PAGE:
BoE Carney: low rates for foreseeable future

Outgoing Bank of England (BoE) Governor Mark Carney said in testimony to the House of Lords that the UK’s bank rate, now at 0.75%, is “going to be relatively low for the foreseeable future, and that adjustments to rates will be relatively modest, or certainly upward adjustments to interest rates we would expect to be relatively modest.” Higher government spending and more business investment are needed to raise the low rate of UK economic growth, he said. The current low interest rate environment made it a good time to borrow to invest, he added. In an interview with Reuters, he said that central banks are closely monitoring the impact of the coronavirus outbreak and may have to “look through” one or two quarters of data when assessing monetary policy.

Eurozone growth slows, UK stagnates

Eurozone economic growth slowed as expected in the fourth quarter of 2019 due to contractions in France and Italy. The economy of the 19 countries expanded 0.1% on the quarter, from 0.3% in the previous three months, and rose 0.9% on the year, revised down slightly from an earlier estimate. France’s gross domestic product (GDP) shrank 0.1% and Italy’s contracted 0.3% in the fourth quarter. Germany and the UK both stagnated, although annual growth rates in both countries were stronger than expected. In Germany, some previous quarters were revised higher, while in the UK, construction and services benefited from a “Boris bounce.”


Japanese stocks drifted lower in the holiday-shortened trading week. The Japanese equity markets were closed on Tuesday for National Founding Day. The Nikkei 225 Stock Average declined 140 points (0.6%) for the week and closed at 23,687.59. The widely watched stock market barometer remained in positive territory for the year to date, however. The large-cap TOPIX Index and the TOPIX Small Index also logged weekly losses, but both broader market yardsticks are underwater for the year to date. The yen stood at ¥109.90 per U.S. dollar on Friday.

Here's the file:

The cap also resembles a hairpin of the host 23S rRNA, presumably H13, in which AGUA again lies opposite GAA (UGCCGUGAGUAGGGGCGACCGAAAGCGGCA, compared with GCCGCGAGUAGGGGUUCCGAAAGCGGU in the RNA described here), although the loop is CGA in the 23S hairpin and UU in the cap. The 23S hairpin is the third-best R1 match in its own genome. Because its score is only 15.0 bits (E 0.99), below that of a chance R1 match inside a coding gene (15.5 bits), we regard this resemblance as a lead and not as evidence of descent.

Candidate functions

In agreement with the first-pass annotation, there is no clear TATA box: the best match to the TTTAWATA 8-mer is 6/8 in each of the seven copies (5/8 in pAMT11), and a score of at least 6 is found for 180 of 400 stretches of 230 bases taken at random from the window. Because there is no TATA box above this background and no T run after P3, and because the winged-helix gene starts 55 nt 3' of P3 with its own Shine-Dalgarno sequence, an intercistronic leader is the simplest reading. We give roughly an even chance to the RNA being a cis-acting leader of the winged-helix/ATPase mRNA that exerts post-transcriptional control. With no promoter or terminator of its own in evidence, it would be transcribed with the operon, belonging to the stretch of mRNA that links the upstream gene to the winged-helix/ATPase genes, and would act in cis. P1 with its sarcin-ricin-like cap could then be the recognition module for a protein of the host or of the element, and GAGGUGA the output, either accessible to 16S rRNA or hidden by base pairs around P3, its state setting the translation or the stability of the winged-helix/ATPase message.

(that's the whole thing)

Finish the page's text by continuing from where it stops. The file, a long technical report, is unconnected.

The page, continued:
Odds of a technical recession increase due to coronavirus impact

The first estimate of Japan’s GDP growth for the final quarter of 2019 is scheduled for release on Monday, February 17. Most economists believe that the Japanese economy contracted about 4% in the period, largely due to the October 1 consumption tax hike, the slowdown in global growth, and weather factors, including typhoons. The outlook for current-quarter GDP growth is also looking less robust than earlier projections. The COVID-19 outbreak has dented consumer sentiment, travel, and tourism and hurt manufacturers because of supply chain disruptions. While most forecasters expect the long-term impact from the outbreak to be modest—the Bank of Japan has forecast positive GDP growth in each of the coming three fiscal years—back-to-back quarterly contractions meet the technical definition of recession.

Abe getting pushback on blanket pay increases

Despite Prime Minister Shinzo Abe’s urging for 3% annual wage increases to boost consumer consumption and increase inflation, large companies have raised workers’ compensation by only 2% on average over the past six years. Many business leaders are reluctant to offer across-the-board pay increases, preferring merit-based increases. Data from the Japan Productivity Center show that, in 2018, nearly 58% of Japanese firms had adopted merit-based pay systems, up from less than 18% in 1999.